> That is precisely the question - how does one reconcile a God who loved the
> world enough to send his son as the redeemer - and not just to the Jews,
> but to all mankind - with the OT God who orders the extermination of entire
As others have pointed out ... by considering the whole of Scripture.
Consider the following points (in no particular order):
1. God's plan to save the entire world, not just the Jews, can be seen
throughout the OT. Consider God's call to Abra(ha)m (Genesis 12:3):
"I will bless those who bless you,
and whoever curses you I will curse,
and all peoples on earth
will be blessed through you."
Notice ... "all peoples" will be blessed, not just Abraham's descendants.
Also, notice that the preceding chapter, Genesis 11, is the story of
the Tower of Babel. So the notion of a "people" (which could as easily
be translated as "ethnic group") didn't exist until Genesis 11.
2. God's commands to exterminate entire populations are carefully
measured. Recall that during the Exodus wanderings, God carefully
instructs Israel *not* to do anything aggressive towards the surrounding
peoples; rather, they are to simply pass through their territory,
compensating them for anything they might consume along the way.
When Israel gets to Caanan, the rules change.
Why do the rules change? Because the Caananites are so wicked that
(a) they deserve death, and (b) leaving them alive would allow them
to mix & mingle with Israel, corrupting their worship of God in the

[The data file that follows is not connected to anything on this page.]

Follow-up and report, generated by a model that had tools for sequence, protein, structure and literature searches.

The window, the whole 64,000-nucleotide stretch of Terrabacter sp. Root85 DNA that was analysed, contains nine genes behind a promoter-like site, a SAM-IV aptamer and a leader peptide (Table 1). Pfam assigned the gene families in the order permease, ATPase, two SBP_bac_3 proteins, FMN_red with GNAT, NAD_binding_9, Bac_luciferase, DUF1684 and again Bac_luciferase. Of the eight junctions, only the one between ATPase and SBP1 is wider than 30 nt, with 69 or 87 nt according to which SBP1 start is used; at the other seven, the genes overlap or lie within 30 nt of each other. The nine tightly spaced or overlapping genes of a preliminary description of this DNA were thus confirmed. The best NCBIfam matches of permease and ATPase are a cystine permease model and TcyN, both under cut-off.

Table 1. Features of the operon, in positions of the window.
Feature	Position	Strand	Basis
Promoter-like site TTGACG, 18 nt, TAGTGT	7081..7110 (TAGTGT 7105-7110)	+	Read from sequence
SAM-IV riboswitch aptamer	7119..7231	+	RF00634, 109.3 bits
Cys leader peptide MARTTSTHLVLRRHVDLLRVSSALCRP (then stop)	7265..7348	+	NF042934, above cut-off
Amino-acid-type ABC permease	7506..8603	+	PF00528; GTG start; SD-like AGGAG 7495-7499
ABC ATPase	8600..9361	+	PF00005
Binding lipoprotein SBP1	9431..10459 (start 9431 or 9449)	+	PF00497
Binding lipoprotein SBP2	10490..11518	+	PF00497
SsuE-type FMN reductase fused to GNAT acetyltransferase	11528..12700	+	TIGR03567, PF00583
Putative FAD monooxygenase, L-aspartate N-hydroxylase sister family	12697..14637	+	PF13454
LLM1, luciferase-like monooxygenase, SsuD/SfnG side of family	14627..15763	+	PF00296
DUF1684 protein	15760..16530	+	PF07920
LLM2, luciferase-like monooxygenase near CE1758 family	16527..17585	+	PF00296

process. Regarding (b): recall the warning of Joshua to Israel just
before the disbanding of Israel's army of conquest (Joshua 23:12-13):
"But if you turn away and ally yourselves with the survivors of
these nations that remain among you and if you intermarry with
them and associate with them, then you may be sure that the
LORD your God will no longer drive out these nations before you.
Instead, they will become snares and traps for you, whips on
your backs and thorns in your eyes, until you perish from this
good land, which the LORD your God has given you."
The book of Judges is full of examples of this coming to pass.
Regarding (a): notice what God says to Abra(ha)m regarding the return
of his descendants to Caanan (Genesis 15:16):
"In the fourth generation your descendants will come back here,
for the sin of the Amorites has not yet reached its full
This suggests (at least to me) that God's decision to annihilate the
Amorites was not a hasty one; further, the Amorites had four generations
to repent from their sin. They bear the responsibility for their own
deaths in that regard ... as well as the responsibility for their
What's different in the NT? Mainly, Israel is no longer a nation-state,
and so can't operate as OT Israel did. So of course we don't have
examples of genocide.
But there are plenty of things in the NT that are just as troubling. In a
Bible study that I participated in a few years ago, a non-Christian was
completely blown away by the story of Ananias and Sapphira (Acts 5); in
particular, the "cruelty" of God killing them for such a seemingly minor
offense. She rarely came to Bible study after that (though there were
other reasons involved in that decision as well). So, suggestions that we
stick to the NT to avoid the "troubling" parts of the OT seem a little
misguided to me; there's just as much "trouble" in the NT.
--Jim Huggins (email@example.com)